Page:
British Columbia’s COVID-19 election projects a majority for Horgan

November 06, 2020
British-Columbia Premier John Horgan.

On Sept. 24, voters in British Columbia headed to the polls as the second province in Canada to hold an election during the global coronavirus pandemic. Though votes are still being tallied with final results expected by mid-November, election night results show a majority government for Horgan’s New Democratic Party. This would be the first NDP majority government in British Columbia since 1996.

A total of 44 seats is required to form a majority government in the province. Though thousands of mail-in ballots remain to be counted, election night tallies show the New Democratic Party ahead in 55 ridings, with the Liberals leading in 29 ridings and the Green Party leading in three.  

Prior to this election, the New Democratic Party and Liberal Party each held 41 seats, the Green Party held two seats, two seats were held by Independents and one seat was empty.

Thanks to the hard work and dedication of our members and volunteers, Federal Retirees ensured that the political parties understood the priorities of our members and seniors in the province and that our members had the tools they needed to make an informed decision at the ballot box. In addition to our British Columbia Seniors Strategy brief, members also submitted letters to the editor to generate public discussions about important election issues affecting older adults.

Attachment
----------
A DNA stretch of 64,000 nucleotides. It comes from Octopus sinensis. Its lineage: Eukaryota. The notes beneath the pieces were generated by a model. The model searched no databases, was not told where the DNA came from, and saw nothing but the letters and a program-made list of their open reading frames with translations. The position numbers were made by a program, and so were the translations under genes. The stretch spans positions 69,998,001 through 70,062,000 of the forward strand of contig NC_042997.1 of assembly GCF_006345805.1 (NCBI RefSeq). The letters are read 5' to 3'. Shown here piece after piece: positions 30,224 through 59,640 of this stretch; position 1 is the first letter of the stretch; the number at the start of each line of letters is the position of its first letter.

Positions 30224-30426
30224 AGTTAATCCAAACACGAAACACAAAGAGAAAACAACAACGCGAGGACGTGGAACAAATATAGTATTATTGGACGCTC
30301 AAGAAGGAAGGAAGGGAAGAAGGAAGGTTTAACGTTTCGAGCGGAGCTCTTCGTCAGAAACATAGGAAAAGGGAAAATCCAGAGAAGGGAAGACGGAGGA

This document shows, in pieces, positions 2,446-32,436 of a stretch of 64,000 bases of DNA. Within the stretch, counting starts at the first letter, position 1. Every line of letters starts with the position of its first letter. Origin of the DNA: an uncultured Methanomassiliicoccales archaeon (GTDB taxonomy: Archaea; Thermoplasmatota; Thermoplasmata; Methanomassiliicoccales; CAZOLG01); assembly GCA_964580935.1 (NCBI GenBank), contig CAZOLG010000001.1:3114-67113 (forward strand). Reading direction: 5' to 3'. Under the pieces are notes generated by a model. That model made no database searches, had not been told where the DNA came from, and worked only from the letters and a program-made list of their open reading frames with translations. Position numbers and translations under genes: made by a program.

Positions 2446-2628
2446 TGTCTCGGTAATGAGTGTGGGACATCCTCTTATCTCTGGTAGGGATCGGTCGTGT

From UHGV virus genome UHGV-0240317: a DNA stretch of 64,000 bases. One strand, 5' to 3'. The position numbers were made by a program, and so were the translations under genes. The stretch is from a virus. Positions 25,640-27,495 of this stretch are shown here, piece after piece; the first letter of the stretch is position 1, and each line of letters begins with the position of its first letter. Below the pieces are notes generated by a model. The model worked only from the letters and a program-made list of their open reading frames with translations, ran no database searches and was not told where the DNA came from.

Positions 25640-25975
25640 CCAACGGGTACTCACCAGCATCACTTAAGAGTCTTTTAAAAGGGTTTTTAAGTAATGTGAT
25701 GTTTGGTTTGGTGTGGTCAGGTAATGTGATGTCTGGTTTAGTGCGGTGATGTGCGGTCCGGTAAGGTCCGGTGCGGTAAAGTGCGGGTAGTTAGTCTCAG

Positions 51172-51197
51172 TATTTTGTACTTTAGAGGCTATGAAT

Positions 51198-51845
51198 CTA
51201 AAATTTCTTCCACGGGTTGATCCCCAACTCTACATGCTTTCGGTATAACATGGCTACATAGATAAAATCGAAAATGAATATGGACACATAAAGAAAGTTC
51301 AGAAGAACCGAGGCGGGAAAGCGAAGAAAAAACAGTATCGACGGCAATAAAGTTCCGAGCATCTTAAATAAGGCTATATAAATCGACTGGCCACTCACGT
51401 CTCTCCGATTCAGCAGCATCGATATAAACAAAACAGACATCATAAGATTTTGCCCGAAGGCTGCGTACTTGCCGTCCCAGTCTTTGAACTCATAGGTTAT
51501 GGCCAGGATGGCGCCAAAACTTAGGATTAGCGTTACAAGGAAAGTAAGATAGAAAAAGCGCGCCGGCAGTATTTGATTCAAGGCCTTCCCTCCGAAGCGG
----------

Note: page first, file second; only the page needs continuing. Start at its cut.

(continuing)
Federal Retirees also partnered with the Council of Senior Citizens’ Organizations of BC on a live webinar townhall with candidates from the New Democratic Party, the Green Party and the Liberal Party.

The Association is hoping that with a majority, Premier Horgan will continue on the path set out by the 2020 budget, which focused on new investments  in primary care, home care, long-term care, assisted living and respite services.

Brian Strongman and Randy Wilson, directors for the district of British Columbia and Yukon, were heavily involved in the roll out of the election campaign.

“We look forward to the official election results coming in November,” said Brian Strongman, district director for British Columbia and Yukon. “The provincial government has an important role to play in shaping public policies and systems to meet the needs of older adults in British Columbia.”

“Advocacy with and for older adults has never been more critical, especially considering the pressures on our social systems that have been brought on by COVID-19,” notes Randy Wilson, district director for British Columbia and Yukon. “We’ll be continuing to advocate on behalf of our members and all Canadian seniors to ensure that their needs are carefully considered by British Columbia’s government.”